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Lessons from a data migration

I’ve been working on a data migration project for the last couple of months. There are two schemas, each used by a number of client applications implemented in a number of technologies, and I just wanted to share some of the lessons I’ve learned. Most of the clients are doing simple CRUD but there is some business logic going on as well. I’m sure most of these points will elicit ‘no-duhs’ from many of you.

1. Domain knowledge is crucial. There were many times where I made dumb mistakes because I didn’t understand how one column mapped to another, or how two tables were being consolidated. This would have been easier if I’d had an understanding of the problem space (networking at level 3 and below of the OSI burrito).

2. Parallel efforts end up wasting a lot of time, and doing things in the correct order is important. For instance, much of the client code was refactored before the data layer had settled down. Result? We had to revisit the client layer again. It was hard to split up the data layer work in any meaningful manner, because of the interdependencies of the various tables (thought doing this made more sense than updating client code). Multiple users working on DDL and DML in the same database leads to my next conclusion:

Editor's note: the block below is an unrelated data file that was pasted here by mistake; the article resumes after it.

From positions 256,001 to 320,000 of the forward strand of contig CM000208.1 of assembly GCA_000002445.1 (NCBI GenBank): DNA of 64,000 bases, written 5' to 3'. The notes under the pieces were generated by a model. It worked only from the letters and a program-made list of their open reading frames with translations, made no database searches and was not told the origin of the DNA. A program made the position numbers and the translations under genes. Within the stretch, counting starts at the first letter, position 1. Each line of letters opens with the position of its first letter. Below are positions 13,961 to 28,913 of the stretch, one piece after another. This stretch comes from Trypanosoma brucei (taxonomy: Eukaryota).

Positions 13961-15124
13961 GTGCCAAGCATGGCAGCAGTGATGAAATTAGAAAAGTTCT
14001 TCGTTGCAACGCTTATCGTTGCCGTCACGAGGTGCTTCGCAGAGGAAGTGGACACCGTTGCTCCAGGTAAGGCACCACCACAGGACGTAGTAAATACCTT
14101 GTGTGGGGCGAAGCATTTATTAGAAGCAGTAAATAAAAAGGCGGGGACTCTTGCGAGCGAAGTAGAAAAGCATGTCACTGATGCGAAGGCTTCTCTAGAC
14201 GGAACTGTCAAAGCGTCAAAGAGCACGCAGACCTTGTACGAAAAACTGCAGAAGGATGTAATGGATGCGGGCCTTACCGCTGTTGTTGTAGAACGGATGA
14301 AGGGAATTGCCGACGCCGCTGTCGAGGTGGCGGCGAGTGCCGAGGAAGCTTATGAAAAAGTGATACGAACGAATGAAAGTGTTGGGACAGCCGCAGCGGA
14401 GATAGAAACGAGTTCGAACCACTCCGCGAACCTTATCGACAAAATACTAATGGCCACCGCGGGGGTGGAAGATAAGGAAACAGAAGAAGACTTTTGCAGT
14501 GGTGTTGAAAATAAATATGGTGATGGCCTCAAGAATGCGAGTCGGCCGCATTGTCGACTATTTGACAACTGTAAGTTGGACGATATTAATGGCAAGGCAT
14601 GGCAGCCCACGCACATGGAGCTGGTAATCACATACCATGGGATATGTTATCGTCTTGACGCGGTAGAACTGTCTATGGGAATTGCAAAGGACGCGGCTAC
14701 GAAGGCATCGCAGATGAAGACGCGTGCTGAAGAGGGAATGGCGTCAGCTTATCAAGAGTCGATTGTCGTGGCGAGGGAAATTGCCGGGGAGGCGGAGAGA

3. Multiple databases are required for effective parallel efforts. Seems like a no-brainer, but the maintenance nightmare of managing multiple developer databases often leads to developers sharing one database. This is workable on a project where most of the development is happening on top of a stable database schema, but when the schema and data are what is being changed, issues arise. Toes are stepped on.

4. Rippling changes through to clients presents you with a design choice. For large changes, like tables losing columns or being consolidated, you really don’t have a choice–you need to reflect those changes all the way through your application. But when it’s a small change, like the renaming of a column, you can either reflect that change in your value objects, or you can hide the changes, either in the DAO (misnamed properties) or database layer (views). The latter choice will lead to confusion down the line, but is less work. However, point #5 is an alternative to both:

5. Code generation a good idea in this case. Rather than having static objects that are maintained in version control, if the value objects and DAOs had some degree of flexibility in terms of looking at the database to determine their properties, adding, deleting and renaming columns would have been much much easier–freeing up more time to fix the GUI and business layer problems that such changes would cause.